On the Validation of Models of Large Complex Electrical Systems

On the Validation of Models of Large Complex Electrical Systems

Andrea Mariscotti (DITEN, University of Genova, Genova, Italy)
DOI: 10.4018/ijmtie.2014010102
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Abstract

The broad topic of verification and validation (V&V) of simulation model is considered, narrowing the scope to electric network models, using briefly electric traction systems as the working example. Definitions, properties and requirements of the validation process, of the model characteristics and of simulation test methods are considered: the focus is on the background and the methods to address the general problem of model validation with emphasis on the use of experimental measured data and how to characterize them to assess the required metrological quality. Depending on the method approached for model validation, the metrological quality may take the form of uncertainty, consistency and credibility. Bibliography is selected as the most representative for the respective topics of the vast V&V subject and is believed to represent a comprehensive, yet synthetic, reference. This work is intended as a general basis for a more detailed and specific analysis of V&V techniques applied to electric simulation and models.
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1. Introduction

Numerical models are widely used in all fields of physics and engineering, when experiments on the real system under study (s.u.s.) are expensive or even impossible, when the influence of some parameters is of interest and is not under operator’s control, when extreme conditions or worst cases are to be tested, but are not physically feasible, perfectly repeatable, or are even beyond s.u.s. capability. A working example of a large complex electrical system is a railway traction system (Ogunsola & Mariscotti, 2012; Mariscotti, 2003), that features also strict requirements for safety and its demonstration through simulation.

A railway is a very large network with an “unpractical” system for power distribution, with trains lying on the running rails below overhead conductors, from which they collect power through the pantographs. The return current flows back to the Electric Substations (ESS) through the so called return circuit. The power distribution scheme is single phase at industrial frequency or dc.

The specific arrangement and the peculiarities of an electrified railway require that the electrical parameters are calculated for conductors of very different shapes and materials, with different distance from the boundaries of the electromagnetic problem and subject to several factors, that lead to a significant uncertainty on their value (temperature, dirt, ageing of surfaces, moisture, type of sleepers, ballast and track, etc.) (Mariscotti, 2011; Mariscotti & Pozzobon, 2004a; Mariscotti & Pozzobon, 2004b; Mariscotti & Pozzobon, 2004c; Mariscotti & Pozzobon, 2005; Paul, 1994; Mariscotti, Ruscelli & Vanti, 2010).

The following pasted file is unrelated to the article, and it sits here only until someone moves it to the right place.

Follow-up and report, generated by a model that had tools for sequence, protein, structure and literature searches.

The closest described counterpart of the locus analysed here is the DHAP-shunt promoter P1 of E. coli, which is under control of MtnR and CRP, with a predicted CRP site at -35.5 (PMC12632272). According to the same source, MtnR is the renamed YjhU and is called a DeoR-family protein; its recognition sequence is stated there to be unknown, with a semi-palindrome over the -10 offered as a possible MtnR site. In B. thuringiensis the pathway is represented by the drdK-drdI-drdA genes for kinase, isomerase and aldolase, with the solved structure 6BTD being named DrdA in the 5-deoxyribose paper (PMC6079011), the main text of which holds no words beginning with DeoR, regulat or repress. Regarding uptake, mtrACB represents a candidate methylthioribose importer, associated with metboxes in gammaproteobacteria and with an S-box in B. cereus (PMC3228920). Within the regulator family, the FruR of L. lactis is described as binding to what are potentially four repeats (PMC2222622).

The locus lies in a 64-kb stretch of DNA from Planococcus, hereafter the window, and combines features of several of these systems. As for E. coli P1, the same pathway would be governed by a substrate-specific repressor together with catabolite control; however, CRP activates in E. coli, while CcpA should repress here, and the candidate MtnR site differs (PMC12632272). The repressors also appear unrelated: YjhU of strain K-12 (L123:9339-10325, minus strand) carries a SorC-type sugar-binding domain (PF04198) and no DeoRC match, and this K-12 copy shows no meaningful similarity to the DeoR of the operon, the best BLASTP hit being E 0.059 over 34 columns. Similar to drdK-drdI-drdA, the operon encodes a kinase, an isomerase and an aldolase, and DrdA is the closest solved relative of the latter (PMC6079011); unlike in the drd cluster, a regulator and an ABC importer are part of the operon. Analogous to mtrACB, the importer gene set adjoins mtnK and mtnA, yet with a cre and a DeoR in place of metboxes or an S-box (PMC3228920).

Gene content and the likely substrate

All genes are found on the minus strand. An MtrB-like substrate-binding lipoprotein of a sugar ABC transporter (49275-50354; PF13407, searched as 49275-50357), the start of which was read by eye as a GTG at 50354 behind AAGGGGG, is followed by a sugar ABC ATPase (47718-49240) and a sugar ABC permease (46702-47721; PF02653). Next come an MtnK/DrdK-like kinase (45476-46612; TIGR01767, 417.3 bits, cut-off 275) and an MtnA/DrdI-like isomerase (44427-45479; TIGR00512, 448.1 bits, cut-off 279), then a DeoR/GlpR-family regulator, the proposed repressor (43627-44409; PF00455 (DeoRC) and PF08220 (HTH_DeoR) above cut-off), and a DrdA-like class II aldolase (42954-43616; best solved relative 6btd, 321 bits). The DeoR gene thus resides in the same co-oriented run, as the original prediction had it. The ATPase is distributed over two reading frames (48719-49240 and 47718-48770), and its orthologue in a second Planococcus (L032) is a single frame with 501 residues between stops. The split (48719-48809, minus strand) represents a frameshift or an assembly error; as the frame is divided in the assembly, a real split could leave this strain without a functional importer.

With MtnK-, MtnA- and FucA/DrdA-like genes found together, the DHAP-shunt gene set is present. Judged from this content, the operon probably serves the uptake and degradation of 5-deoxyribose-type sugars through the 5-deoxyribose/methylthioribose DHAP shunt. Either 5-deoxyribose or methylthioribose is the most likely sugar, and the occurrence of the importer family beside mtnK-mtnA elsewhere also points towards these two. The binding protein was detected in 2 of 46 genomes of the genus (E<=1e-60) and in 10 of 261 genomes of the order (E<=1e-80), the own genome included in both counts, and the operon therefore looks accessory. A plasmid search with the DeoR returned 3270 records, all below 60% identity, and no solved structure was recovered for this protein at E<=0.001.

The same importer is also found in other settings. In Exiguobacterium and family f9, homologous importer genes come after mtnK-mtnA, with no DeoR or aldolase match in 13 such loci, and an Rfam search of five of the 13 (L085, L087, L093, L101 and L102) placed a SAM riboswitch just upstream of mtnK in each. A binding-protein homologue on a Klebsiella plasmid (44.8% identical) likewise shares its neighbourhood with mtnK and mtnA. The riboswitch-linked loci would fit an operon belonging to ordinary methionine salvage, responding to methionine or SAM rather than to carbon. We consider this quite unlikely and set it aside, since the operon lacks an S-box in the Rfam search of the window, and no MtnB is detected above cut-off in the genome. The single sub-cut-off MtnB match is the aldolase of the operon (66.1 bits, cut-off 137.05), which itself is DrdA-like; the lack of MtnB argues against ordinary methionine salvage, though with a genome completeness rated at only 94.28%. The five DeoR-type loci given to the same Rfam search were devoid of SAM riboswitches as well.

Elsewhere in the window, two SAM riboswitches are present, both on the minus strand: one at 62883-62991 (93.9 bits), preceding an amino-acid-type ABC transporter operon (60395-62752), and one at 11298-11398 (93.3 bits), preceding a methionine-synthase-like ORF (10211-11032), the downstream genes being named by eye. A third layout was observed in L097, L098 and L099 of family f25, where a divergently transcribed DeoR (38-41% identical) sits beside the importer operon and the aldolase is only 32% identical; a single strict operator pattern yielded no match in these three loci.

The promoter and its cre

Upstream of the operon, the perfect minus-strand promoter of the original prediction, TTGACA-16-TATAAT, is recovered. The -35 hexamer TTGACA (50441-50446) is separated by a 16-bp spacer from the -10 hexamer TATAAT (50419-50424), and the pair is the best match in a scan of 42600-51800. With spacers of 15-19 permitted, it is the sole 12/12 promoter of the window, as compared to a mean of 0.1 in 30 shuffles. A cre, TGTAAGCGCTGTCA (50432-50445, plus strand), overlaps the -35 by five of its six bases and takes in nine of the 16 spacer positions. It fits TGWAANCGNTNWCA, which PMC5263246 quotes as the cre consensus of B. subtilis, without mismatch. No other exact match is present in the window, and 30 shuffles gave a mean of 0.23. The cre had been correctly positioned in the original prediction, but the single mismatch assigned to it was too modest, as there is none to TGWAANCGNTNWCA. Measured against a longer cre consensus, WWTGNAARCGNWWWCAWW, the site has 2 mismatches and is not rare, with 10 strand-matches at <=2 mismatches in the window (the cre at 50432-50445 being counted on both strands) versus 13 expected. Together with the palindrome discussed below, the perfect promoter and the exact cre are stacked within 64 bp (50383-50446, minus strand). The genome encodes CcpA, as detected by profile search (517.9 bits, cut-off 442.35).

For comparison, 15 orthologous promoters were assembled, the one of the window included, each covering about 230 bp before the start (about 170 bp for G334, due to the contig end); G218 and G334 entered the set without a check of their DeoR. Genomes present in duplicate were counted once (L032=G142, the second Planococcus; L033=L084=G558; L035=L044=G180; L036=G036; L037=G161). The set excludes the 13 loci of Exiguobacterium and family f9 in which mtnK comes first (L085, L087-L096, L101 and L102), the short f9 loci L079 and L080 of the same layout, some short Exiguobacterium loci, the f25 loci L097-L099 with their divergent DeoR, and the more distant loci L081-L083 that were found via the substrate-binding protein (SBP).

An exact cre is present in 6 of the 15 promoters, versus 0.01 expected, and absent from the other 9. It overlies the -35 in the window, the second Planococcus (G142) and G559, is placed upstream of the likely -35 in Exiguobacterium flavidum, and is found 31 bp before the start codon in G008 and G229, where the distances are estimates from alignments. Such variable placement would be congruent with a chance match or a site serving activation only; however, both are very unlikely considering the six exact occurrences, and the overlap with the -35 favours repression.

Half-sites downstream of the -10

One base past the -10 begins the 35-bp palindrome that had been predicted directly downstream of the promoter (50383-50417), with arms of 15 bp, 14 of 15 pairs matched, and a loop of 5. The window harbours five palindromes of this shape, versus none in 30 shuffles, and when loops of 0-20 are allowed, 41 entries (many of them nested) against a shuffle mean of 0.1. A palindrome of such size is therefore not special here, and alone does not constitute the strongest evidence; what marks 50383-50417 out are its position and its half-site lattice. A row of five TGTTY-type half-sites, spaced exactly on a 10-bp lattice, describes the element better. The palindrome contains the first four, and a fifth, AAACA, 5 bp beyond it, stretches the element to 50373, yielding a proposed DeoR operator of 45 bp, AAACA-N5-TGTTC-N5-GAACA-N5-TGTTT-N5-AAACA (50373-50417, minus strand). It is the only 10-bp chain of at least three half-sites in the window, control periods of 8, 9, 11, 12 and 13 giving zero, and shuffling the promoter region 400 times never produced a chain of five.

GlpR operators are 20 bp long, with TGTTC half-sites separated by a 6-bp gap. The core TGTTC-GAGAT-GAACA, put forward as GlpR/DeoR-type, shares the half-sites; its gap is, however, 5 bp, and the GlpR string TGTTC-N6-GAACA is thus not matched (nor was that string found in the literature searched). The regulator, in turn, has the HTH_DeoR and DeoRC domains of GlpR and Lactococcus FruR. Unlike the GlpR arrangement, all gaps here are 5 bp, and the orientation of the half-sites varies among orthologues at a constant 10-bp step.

The verification of a model is the evaluation of the correspondence to the requirements, even for single modules during their development. The validation of a simulation model aims at verifying that it meets its intended use, in terms of overall requirements and user’s expectations. The verification phase reviews intermediate elements, by means of static analysis techniques (inspections and reviews) and possibly dynamic techniques (execution of test runs of the simulator modules, maybe assisted by synthetic data). The validation is performed on the complete product (the simulator) and uses dynamic techniques, by executing test runs on reference cases (Naik & Tripathy, 2008). A very comprehensive analysis and an interesting theoretical framework for complex systems of different nature is presented in Min, Yan and Wang (2010). Testing of a software tool for scientific purposes is accompanied by the evaluation of the accuracy of its results with respect to reference experimental data, both characterized by their uncertainty (Min, Yan & Wang, 2010). Since a model is an abstraction of a system, perfect representation is not expected nor really required (Balci, 1997). Shannon (1975) indicates that “it is not at all certain that it is even theoretically possible to establish if we have an absolutely valid model”, so that the outcome of VV&T (Verification, Validation and Testing) applied to a model should be a degree of credibility.

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